Nations/states are conventionally portrayed as producers of hegemonic or normalizing codes for gender and sexuality. This essay, on the contrary, explores circumstances under which the nation/state might tolerate, if not support, the proliferation of unruly difference. Examining the case of post-Mao China, the author first traces normalizing discourses of sexual and gender impropriety directed at particular others throughout Chinese history. She then analyzes the multiplication of discourses and practices in the post-1979 reform period, as well as counter-discourses generated by members of the historically vilified Miao minority, thus pluralizing the sites from which nationalist ideological production is seen to emerge. It is argued that, as the contrastive other shifts, so too do formulations of appropriate gender and sexual conduct. Finally, the market-with its burgeoning production and consumption of commodities - is posed as an alternative form of rule to which the Chinese state may have partially relinquished its control.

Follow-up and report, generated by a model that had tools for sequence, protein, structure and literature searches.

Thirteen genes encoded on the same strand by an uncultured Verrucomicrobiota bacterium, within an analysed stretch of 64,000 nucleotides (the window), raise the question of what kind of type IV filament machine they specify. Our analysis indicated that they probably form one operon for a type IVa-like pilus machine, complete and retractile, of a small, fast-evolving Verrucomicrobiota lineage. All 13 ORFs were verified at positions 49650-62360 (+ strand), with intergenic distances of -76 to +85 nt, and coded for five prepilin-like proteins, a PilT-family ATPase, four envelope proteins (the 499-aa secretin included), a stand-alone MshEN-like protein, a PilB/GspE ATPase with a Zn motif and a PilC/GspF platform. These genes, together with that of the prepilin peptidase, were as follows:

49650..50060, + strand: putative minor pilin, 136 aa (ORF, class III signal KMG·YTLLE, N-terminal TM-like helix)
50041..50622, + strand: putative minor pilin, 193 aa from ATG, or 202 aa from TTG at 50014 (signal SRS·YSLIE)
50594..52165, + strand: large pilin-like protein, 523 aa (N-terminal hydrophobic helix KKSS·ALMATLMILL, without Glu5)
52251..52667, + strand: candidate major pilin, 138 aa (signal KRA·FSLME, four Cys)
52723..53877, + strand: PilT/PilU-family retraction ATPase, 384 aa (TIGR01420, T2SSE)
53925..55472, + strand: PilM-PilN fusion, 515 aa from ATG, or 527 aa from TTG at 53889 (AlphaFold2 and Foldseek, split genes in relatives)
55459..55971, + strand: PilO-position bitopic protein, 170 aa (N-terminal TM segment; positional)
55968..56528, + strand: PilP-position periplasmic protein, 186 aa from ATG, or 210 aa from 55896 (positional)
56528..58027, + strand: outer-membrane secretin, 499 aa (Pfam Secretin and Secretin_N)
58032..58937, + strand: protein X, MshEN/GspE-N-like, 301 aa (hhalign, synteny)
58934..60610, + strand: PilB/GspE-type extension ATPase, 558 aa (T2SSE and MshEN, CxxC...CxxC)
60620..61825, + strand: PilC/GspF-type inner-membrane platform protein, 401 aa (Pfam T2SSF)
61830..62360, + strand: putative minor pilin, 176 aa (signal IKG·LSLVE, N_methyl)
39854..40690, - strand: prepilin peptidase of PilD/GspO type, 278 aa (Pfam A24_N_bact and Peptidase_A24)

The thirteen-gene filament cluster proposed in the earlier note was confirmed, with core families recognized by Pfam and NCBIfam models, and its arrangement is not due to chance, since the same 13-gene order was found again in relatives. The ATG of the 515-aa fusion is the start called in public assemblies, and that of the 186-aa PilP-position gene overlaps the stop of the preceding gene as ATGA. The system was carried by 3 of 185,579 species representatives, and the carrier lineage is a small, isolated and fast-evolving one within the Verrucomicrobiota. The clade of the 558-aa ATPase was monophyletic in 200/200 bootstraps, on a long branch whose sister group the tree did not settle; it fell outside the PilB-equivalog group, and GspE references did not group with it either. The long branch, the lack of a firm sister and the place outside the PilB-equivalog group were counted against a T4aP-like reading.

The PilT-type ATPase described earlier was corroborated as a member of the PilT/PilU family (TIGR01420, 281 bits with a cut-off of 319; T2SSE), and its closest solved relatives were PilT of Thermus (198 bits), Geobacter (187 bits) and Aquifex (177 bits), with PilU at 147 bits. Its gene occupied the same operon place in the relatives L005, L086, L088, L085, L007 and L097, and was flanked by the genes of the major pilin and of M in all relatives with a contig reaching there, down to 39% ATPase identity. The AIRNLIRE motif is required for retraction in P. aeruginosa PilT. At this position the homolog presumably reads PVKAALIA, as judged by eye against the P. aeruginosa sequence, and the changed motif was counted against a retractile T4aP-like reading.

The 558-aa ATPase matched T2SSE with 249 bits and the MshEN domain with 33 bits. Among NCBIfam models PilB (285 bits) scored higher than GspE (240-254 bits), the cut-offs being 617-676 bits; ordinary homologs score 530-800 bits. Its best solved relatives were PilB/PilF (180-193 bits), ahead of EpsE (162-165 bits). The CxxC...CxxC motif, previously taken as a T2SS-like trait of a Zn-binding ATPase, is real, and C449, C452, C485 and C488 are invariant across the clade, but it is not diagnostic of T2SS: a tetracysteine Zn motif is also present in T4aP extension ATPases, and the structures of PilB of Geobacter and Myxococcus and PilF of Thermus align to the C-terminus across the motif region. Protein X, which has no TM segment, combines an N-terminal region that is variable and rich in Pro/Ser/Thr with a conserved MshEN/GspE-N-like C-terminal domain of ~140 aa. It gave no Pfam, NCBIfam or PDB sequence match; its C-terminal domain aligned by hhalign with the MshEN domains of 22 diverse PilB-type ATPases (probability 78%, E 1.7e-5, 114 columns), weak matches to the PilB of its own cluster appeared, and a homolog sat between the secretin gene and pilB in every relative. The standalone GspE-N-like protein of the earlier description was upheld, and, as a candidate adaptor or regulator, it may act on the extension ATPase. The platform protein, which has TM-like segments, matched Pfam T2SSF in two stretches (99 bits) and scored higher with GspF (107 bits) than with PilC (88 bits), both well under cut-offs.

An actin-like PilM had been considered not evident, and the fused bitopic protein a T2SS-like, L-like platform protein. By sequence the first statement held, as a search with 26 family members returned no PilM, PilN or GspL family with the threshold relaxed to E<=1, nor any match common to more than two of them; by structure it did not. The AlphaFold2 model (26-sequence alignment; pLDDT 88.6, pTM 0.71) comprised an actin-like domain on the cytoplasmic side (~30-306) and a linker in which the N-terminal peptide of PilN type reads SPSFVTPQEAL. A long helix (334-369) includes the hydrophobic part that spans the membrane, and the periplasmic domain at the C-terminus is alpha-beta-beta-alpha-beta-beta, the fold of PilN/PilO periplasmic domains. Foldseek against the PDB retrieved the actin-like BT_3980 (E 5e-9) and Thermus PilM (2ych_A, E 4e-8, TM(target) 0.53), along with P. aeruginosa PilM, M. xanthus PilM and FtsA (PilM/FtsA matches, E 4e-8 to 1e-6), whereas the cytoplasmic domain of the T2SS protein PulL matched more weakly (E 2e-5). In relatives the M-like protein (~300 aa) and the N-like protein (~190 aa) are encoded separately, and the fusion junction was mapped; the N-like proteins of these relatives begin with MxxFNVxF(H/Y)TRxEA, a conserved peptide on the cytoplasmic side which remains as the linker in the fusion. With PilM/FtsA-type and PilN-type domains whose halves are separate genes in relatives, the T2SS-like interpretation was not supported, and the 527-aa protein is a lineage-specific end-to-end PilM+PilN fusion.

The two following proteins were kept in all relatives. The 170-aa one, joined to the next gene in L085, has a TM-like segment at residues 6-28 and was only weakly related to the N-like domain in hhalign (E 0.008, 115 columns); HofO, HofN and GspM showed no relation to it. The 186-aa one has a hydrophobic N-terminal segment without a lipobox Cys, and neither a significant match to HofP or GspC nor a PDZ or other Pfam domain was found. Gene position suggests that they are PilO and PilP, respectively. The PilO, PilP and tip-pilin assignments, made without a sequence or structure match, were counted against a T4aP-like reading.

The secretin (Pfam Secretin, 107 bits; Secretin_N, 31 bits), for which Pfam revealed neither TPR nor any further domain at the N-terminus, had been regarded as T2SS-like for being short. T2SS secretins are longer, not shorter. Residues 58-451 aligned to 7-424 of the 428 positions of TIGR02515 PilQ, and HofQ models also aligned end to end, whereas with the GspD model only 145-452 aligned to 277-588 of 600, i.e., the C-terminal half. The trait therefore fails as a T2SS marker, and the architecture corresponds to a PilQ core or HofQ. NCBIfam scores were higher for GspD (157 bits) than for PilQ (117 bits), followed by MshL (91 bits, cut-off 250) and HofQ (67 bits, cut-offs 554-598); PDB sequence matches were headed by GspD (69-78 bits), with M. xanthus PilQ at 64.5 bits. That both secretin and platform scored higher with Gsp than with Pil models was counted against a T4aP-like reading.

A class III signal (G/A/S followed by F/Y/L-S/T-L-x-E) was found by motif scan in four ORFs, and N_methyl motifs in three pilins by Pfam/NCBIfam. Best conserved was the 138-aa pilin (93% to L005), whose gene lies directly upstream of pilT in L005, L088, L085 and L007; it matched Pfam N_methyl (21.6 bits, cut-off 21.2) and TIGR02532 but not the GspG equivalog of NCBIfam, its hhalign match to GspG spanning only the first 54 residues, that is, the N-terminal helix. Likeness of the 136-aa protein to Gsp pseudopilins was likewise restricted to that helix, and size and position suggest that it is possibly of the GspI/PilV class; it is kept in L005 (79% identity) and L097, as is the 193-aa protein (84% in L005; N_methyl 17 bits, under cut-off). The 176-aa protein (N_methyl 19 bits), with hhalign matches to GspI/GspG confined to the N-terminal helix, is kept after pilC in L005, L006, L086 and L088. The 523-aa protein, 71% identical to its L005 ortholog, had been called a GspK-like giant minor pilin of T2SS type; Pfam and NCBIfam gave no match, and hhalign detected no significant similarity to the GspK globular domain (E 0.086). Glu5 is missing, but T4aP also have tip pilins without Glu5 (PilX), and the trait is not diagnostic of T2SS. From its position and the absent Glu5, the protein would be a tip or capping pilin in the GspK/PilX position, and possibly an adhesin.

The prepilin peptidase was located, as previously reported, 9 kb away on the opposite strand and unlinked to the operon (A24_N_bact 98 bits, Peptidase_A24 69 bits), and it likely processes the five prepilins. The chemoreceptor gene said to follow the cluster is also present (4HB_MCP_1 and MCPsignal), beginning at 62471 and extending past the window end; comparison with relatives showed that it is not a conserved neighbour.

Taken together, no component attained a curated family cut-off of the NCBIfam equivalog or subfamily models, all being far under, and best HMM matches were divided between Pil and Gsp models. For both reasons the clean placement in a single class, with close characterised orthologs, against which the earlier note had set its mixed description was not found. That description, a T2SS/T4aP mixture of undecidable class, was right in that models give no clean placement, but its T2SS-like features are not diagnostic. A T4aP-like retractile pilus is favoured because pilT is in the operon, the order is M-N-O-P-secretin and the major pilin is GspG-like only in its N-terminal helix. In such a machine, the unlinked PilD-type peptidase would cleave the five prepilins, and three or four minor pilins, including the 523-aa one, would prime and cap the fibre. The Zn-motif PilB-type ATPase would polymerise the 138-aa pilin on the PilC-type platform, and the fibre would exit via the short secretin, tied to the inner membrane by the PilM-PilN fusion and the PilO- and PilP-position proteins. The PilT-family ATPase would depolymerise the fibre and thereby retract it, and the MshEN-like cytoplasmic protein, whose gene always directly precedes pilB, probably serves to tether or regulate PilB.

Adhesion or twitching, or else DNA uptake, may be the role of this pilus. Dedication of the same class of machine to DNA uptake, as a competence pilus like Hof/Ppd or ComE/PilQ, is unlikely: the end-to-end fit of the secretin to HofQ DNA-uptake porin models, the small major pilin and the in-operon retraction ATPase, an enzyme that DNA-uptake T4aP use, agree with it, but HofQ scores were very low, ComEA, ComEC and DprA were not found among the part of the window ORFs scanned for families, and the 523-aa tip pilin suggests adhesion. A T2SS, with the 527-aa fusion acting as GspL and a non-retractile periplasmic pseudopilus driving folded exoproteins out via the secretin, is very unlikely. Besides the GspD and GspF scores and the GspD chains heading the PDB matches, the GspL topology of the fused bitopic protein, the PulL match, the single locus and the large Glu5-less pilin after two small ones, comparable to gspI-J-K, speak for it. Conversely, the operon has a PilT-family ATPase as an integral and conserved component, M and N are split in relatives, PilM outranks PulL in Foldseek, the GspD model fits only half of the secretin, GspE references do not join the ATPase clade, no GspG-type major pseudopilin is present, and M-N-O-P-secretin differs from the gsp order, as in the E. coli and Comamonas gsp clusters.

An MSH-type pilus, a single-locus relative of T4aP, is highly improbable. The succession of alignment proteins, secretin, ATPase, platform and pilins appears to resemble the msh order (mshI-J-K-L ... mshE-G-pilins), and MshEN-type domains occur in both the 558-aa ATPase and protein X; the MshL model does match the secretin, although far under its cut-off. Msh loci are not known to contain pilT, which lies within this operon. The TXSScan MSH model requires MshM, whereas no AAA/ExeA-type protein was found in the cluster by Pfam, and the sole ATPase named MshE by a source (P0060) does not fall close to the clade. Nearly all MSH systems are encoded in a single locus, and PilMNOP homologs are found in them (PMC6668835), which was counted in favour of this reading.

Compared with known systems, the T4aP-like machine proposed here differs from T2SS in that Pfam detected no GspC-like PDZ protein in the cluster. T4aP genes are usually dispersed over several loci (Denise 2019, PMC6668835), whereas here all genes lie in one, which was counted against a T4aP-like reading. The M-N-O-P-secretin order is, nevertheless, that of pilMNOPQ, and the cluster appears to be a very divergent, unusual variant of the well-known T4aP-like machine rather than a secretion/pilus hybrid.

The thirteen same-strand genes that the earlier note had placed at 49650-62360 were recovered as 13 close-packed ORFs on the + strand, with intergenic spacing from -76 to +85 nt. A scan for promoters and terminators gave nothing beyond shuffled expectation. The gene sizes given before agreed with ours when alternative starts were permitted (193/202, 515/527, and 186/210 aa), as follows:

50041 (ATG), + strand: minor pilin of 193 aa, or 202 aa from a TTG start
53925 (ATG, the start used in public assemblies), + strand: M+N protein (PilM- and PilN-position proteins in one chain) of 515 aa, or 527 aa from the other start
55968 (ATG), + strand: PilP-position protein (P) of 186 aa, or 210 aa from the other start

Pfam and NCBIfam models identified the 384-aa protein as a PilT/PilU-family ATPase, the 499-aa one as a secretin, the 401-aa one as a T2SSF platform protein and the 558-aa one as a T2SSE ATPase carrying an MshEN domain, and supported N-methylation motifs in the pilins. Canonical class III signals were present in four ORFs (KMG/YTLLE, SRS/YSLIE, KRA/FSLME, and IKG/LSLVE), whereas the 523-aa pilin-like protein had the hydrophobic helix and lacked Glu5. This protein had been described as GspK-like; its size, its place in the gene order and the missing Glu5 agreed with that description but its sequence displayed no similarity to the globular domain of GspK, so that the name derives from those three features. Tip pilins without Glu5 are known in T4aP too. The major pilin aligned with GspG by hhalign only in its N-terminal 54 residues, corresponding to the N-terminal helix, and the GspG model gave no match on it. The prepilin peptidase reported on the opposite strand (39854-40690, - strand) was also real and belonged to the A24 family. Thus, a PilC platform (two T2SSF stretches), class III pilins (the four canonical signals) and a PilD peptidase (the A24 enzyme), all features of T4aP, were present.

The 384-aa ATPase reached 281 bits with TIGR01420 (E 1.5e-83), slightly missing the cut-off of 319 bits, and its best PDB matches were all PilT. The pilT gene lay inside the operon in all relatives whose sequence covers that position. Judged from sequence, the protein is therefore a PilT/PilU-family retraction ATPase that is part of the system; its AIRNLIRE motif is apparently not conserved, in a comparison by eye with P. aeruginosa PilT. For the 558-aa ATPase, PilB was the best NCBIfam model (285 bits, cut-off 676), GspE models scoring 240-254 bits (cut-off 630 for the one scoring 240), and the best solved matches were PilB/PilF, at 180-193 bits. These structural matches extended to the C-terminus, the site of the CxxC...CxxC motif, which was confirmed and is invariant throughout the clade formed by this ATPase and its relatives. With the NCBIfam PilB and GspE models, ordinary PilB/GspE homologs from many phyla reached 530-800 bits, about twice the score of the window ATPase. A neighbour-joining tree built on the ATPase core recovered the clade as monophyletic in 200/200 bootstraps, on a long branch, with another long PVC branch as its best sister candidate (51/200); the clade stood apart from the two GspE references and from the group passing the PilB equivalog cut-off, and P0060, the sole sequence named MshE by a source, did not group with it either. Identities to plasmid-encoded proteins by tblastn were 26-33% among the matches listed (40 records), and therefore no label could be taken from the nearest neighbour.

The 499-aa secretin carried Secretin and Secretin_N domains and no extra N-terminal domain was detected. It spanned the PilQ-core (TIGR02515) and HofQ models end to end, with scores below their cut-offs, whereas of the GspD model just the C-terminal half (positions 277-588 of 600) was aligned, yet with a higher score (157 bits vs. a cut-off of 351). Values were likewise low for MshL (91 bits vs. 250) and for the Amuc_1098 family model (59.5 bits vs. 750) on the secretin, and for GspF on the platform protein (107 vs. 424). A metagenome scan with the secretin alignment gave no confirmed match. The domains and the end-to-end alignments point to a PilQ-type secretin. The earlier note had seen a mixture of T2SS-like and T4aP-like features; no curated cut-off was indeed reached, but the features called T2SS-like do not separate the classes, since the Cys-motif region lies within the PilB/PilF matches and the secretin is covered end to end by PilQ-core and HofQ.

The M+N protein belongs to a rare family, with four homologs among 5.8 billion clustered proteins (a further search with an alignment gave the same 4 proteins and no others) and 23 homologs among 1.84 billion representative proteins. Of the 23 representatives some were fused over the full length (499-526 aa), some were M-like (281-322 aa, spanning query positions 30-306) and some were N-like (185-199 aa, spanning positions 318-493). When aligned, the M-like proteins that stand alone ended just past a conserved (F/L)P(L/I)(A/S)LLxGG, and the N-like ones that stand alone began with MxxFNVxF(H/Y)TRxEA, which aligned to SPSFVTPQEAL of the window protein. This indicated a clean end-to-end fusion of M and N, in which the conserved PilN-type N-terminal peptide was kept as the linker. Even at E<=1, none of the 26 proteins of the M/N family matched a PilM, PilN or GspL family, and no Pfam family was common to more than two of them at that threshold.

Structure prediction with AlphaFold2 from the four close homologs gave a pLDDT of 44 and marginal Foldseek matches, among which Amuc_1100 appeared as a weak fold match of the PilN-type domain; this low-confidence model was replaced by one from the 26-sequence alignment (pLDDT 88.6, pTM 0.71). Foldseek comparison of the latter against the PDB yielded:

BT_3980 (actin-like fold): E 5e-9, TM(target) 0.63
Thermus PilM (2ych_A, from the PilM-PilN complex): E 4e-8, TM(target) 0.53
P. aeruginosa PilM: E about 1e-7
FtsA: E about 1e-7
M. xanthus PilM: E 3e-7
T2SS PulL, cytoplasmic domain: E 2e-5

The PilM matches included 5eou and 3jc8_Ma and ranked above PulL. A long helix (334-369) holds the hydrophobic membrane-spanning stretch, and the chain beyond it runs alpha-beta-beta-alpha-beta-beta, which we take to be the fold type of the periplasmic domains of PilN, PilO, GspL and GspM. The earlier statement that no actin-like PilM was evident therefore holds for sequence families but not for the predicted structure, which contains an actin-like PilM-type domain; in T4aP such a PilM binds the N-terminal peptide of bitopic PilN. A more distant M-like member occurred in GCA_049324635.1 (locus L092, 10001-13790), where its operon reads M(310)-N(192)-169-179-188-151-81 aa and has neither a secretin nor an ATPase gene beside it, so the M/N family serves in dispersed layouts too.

|Original language||English (US)|
|Number of pages||26|
|State||Published - 1996|
All Science Journal Classification (ASJC) codes
- Cultural Studies
- Arts and Humanities (miscellaneous)